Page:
Examples of homobifunctional crosslinking reagents include various amines such as Bis[sulfosuccinimidyl] suberate (BS3), and 3-[2-aminoethyldithio] propionic acid HCl (AEDP).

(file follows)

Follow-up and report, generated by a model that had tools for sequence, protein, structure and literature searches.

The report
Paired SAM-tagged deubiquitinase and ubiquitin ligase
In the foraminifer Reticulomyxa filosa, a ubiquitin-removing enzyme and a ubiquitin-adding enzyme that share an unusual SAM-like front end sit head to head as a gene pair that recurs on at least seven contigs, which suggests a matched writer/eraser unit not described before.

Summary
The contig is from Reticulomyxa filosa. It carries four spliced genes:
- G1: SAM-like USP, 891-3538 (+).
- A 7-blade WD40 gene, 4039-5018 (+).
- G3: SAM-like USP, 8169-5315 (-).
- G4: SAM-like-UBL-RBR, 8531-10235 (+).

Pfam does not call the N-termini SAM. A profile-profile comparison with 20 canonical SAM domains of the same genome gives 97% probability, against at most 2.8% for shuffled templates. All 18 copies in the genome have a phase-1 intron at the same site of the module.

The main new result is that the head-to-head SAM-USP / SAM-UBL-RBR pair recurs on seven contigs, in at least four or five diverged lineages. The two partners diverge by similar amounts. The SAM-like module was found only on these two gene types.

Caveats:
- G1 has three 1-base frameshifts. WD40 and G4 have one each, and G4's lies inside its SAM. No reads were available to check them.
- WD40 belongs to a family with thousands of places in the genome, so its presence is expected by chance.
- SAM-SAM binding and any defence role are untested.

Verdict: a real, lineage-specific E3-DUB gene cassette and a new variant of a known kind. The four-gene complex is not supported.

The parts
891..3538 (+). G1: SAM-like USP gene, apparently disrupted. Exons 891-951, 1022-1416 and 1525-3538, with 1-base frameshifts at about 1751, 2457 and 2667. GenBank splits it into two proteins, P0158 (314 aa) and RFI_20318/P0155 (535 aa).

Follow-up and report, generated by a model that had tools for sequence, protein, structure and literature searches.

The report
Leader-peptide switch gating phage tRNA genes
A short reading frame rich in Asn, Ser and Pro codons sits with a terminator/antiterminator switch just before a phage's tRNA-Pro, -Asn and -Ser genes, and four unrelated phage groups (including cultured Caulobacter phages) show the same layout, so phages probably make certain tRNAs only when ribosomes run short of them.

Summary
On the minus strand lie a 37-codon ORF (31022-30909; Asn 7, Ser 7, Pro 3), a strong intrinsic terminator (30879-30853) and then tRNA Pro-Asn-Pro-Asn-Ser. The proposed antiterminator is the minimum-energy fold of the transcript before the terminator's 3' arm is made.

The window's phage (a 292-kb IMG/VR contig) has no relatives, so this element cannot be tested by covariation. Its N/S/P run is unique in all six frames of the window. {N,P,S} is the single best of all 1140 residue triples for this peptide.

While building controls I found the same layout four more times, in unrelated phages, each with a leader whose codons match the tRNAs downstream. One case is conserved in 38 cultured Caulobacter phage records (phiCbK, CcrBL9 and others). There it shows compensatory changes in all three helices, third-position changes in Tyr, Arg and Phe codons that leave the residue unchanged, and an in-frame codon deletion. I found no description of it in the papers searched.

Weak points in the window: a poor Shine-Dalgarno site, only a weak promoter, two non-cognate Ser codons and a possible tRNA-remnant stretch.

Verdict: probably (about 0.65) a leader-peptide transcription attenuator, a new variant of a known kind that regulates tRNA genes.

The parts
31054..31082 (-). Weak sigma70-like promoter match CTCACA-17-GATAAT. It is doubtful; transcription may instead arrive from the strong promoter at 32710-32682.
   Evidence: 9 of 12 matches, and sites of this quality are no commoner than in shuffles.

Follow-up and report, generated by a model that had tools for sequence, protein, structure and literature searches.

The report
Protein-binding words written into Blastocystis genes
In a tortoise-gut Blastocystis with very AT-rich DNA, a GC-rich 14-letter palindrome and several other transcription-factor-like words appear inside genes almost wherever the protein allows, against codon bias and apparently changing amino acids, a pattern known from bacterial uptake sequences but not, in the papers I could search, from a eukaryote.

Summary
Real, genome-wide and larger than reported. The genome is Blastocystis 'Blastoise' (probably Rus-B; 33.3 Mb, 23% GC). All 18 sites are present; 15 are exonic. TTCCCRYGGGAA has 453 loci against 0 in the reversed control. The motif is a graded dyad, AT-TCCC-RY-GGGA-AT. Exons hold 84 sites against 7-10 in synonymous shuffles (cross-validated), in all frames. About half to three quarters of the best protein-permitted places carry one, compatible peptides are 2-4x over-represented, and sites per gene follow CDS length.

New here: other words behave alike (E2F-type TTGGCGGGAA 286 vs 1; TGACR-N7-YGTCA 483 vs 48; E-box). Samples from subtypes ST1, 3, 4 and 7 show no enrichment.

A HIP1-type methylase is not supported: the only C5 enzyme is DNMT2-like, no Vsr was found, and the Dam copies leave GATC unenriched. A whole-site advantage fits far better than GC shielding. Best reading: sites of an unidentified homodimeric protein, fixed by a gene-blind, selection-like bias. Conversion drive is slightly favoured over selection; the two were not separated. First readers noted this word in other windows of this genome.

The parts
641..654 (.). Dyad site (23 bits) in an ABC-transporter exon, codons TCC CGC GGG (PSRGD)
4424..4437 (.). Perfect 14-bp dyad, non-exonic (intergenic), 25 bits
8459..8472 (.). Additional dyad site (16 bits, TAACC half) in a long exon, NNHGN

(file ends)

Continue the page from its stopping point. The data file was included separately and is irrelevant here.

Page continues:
Examples of heterobifunctional crosslinking reagents include N-succinimidyl 3-(2-pyridyldithio) propionate (SPDP), N-sulfosuccinimdyl6-[3′-(2-pyridyldithio)-propionamido] hexanoate (Sulfo-LC-SPDP), N-succinimidyl 6-[3′-(2-pyridyldithio)-propionamido] hexanoate (LC-SPDP), N-succinimidyl acetylthioacetate (SATA), N-succinimidyl trans-4-(maleimidylmethyl) cyclohexane-1-carboxylate (SMCC), N-sulfosuccinimidyl trans-4-(maleimidylmethyl)cyclohexane-1-carboxylate (Sulfo-SMCC), N-Succinimidyl (4-iodoacetyl)aminobenzoate (SIAB), N-Sulfosuccinimidyl (4-iodoacetyl) aminobenzoate (Sulfo-SIAB), m-Maleimidobenzoyl-N-hydroxysuccimide ester (MBS), Succinimidyl 4-[p-maleimidophenyl] butyrate (SMPB), Sulfosuccinimidyl 4-[p-maleimidophenyl] butyrate (Sulfo-SMPB), N-(a-Maleimidoacetoxy) succinimide ester (AMAS), Succinimidyl-6-[β-maleimidopropionamido]hexanoate (SMPH), N-Succinimidyl iodoacetate (SIA), N-κ-Maleimidoundecanoic acid (KMUA), and Succinimidyl 3-[bromoacetamido] propionate (SBAP). Other crosslinking agents include N-Hydroxysuccinimide (NHS), N-Hydroxysulfosuccinimide (Sulfo-NHS), 3-[2-Aminoethyldithio] propionic acid HCl (AEDP) (can also be a homobifunctional crosslinking reagent), Methyl N-succinimidyl adipate (MSA), N-β-Maleimidopropionic acid (BMPA), N-[κ-Maleimidoundecanoic acid]-hydrazine (KMUH), and N[β-Maleimidophenyl propionic acid] hydrazide TFA (BMPH), and N[p-Maleimidophenyl] isocyanate (PMPI).